RealTime IT News

SBC Fights Back Against RIAA

SBC Communications fired a shot Wednesday in the acrimonious battle between file-swapping consumers and the Recording Industry Association of America (RIAA).

In a suit filed with the U.S. District Court in San Francisco, Pacific Bell Internet, which sells SBC dialup and broadband services in California, claimed that the spate of RIAA subpoenas demanding the e-mail addresses of customers sharing multiple files were filed improperly.

But that's just one legal tactic, SBC spokesperson Larry Meyer told internetNews.com. Meyer said that SBC believes that the RIAA subpoenas to Internet service providers (ISPs) are a misuse of the Digital Millennium Copyright Act (DMCA).

"As such, it allows anyone to obtain a subpoena asking for private information about any Internet user without any kind of review by a judge or court," Meyer said, noting that the subpoenas raise serious constitutional questions.

"These questions shouldn't be decided by private companies that operate without due diligence or judicial oversight," he said.

Senate Commerce Committee chairman John McCain has said his committee would look into a similar case being fought by Verizon . The New York-based communications giant is fighting a legal battle to avoid complying with a RIAA subpoena. A court order filed by the record industry requested the name of a Verizon Internet subscriber who allegedly downloaded more than 600 copyrighted music files in a single day.

Arguments are set for September 16 in dispute between Verizon and the RIAA. The RIAA won a separate court decision forcing Verizon to reveal the names of two subscribers the RIAA suspects of illegally downloading copyrighted songs. Verizon has said it will go back into court to appeal.

Meantime, SBC has cooperated with entities claiming copyright infringement on Web sites that it hosts, quickly shutting down the sites. For example, on February 4, the Church of Scientology International notified SBC attorney Keith Epstein that PacBell Internet customer Kevin A. Burton had posted hundreds of unauthorized photos, books, tapes and tape transcripts. Another of Burton's Web sites states," I personally believe that being intellectually open, to the point of promiscuity, not only helps further technology and society, but is an ethical issue as well."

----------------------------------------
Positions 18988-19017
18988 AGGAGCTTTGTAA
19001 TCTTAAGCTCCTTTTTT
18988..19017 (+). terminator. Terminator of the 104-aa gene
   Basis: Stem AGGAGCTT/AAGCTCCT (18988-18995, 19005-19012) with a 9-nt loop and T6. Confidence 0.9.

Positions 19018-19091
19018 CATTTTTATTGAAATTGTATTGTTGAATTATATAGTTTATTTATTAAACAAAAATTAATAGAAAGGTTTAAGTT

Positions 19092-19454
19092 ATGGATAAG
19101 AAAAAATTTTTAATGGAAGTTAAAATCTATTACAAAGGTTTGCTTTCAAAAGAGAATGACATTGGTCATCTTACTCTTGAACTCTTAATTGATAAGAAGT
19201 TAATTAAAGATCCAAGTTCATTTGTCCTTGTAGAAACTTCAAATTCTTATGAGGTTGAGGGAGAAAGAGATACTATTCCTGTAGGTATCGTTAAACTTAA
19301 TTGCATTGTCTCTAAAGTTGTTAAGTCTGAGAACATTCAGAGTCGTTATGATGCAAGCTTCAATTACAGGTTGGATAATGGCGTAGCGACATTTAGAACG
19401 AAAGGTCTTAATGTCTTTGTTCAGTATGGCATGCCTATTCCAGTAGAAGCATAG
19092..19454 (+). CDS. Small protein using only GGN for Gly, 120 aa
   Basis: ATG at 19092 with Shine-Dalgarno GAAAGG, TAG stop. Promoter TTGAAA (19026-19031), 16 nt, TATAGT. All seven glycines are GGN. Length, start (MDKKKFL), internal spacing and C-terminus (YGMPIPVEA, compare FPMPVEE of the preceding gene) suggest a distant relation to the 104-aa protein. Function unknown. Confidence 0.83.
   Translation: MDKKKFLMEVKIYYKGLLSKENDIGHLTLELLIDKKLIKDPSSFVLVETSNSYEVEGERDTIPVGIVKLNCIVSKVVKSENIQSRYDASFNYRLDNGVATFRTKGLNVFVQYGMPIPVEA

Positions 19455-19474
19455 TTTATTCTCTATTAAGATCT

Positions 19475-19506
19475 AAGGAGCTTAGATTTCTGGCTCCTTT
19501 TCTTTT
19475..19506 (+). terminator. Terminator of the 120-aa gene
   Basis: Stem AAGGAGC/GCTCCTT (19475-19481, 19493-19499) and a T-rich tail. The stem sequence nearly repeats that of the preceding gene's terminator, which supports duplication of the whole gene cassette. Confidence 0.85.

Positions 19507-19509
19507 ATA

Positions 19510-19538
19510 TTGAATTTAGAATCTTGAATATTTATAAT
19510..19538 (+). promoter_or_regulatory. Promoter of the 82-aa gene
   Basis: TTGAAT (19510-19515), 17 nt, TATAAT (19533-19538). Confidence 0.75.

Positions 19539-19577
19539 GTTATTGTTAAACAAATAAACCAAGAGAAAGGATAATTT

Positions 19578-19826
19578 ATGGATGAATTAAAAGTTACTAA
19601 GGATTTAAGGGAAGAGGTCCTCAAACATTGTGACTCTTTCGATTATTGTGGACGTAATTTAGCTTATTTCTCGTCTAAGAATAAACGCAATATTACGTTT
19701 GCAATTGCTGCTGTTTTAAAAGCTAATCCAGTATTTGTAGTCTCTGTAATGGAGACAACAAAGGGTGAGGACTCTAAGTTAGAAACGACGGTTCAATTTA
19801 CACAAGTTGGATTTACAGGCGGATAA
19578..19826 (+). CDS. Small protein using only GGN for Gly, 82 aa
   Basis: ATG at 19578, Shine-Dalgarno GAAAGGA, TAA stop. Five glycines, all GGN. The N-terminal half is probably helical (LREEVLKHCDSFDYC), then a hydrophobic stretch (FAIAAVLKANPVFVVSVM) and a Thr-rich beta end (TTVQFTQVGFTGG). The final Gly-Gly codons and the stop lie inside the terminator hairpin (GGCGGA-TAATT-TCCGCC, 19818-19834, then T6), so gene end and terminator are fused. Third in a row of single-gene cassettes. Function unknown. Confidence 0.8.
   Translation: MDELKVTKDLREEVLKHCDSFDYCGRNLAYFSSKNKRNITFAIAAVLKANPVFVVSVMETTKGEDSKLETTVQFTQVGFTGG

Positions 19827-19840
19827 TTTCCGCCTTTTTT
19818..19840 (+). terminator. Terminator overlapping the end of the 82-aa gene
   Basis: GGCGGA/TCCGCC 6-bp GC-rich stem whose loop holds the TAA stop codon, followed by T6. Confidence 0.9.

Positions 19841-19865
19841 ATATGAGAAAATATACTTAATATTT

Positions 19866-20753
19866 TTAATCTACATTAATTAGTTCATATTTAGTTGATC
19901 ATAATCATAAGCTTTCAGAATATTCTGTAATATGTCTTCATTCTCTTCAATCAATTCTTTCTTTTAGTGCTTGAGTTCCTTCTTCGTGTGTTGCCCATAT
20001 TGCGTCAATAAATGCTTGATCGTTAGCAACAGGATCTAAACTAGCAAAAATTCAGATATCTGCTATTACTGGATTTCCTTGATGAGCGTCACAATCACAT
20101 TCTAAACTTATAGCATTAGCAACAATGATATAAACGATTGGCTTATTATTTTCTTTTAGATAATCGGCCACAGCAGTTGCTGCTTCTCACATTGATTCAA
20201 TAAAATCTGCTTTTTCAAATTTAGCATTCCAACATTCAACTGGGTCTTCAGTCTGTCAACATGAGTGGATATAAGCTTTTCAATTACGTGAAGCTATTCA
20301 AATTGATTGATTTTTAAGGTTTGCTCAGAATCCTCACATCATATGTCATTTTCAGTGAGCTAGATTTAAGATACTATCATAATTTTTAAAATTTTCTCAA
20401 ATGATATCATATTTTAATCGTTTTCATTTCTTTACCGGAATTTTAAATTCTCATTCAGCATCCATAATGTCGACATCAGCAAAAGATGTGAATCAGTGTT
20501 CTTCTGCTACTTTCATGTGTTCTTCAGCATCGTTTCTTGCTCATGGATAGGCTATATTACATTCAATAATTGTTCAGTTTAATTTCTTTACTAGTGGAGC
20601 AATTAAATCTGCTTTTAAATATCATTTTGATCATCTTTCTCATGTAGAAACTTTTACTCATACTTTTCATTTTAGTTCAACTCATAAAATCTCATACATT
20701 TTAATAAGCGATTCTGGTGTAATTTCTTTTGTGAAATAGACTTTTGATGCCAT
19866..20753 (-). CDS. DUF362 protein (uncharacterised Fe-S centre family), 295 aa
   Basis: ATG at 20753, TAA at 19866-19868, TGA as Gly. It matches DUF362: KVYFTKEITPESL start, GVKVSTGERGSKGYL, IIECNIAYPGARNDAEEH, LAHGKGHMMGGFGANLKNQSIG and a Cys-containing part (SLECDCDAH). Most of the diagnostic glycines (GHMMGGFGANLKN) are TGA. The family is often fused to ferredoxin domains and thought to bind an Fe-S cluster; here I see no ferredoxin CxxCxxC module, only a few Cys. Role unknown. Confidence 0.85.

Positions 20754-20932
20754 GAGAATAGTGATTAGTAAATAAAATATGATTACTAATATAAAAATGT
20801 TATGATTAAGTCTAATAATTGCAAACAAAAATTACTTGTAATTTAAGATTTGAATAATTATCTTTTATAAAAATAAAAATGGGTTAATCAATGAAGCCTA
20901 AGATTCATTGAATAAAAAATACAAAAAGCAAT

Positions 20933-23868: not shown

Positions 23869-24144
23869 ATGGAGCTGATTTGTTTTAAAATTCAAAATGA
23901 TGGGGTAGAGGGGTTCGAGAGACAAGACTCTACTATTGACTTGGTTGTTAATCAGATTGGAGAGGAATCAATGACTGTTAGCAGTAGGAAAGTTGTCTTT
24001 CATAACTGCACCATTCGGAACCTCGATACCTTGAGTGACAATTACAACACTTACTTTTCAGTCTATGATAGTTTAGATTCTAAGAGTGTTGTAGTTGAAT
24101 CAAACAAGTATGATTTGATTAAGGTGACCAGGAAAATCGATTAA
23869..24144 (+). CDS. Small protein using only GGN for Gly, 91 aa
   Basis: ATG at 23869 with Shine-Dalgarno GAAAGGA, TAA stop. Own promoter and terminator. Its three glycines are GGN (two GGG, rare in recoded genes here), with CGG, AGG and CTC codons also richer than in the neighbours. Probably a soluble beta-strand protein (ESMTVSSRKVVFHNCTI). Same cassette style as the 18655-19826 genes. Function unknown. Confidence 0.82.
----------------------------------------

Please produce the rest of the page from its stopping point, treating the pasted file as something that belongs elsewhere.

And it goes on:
Internet users seem apathetic to RIAA's legal maneuvers. In fact, according to a report issued Thursday by the Pew Internet Project, two-thirds of the 26 million adults in the U.S. who share files online don't care whether the files are copyrighted or not.

Meyer told internetNews.com, "The intent of our suit is to put it before the appropriate judicial body for review," he said, "so that privacy rights can be balanced fairly with copyright interests."

Cindy Cohn, legal director for the Electronic Frontier Foundation (EFF), told internetNews.com that she applauded SBC and Verizon for taking a stand. "They're really doing the right thing," she said. "It's in their business interest to protect the privacy of their customers, but still, they don't have to do this."

Cohn said the RIAA had gone "forum-shopping," finding one court in the District of Columbia that was willing to issue the subpoenas.

"It shouldn't work that way," she said. "People are only required to respond to their local courts. PacBell is in California, and the idea that they could be required to respond to a DC subpoena is wrong."

The EFF has set up a database where people can look up their screen names to see if their ISP has been subpoenaed. Unfortunately, Cohn said, the courts are way behind in providing this information, so the site is not up to date. The EFF also participates in the Subpoena Defense Alliance, which posts a lists of resources for people in the RIAA's sights.

Cohn said that despite the laudable efforts of SBC and Verizon to protect their customers, no one on the RIAA's hit list should expect to huddle under an ISP's protection.

Step one, she said, "Find a lawyer."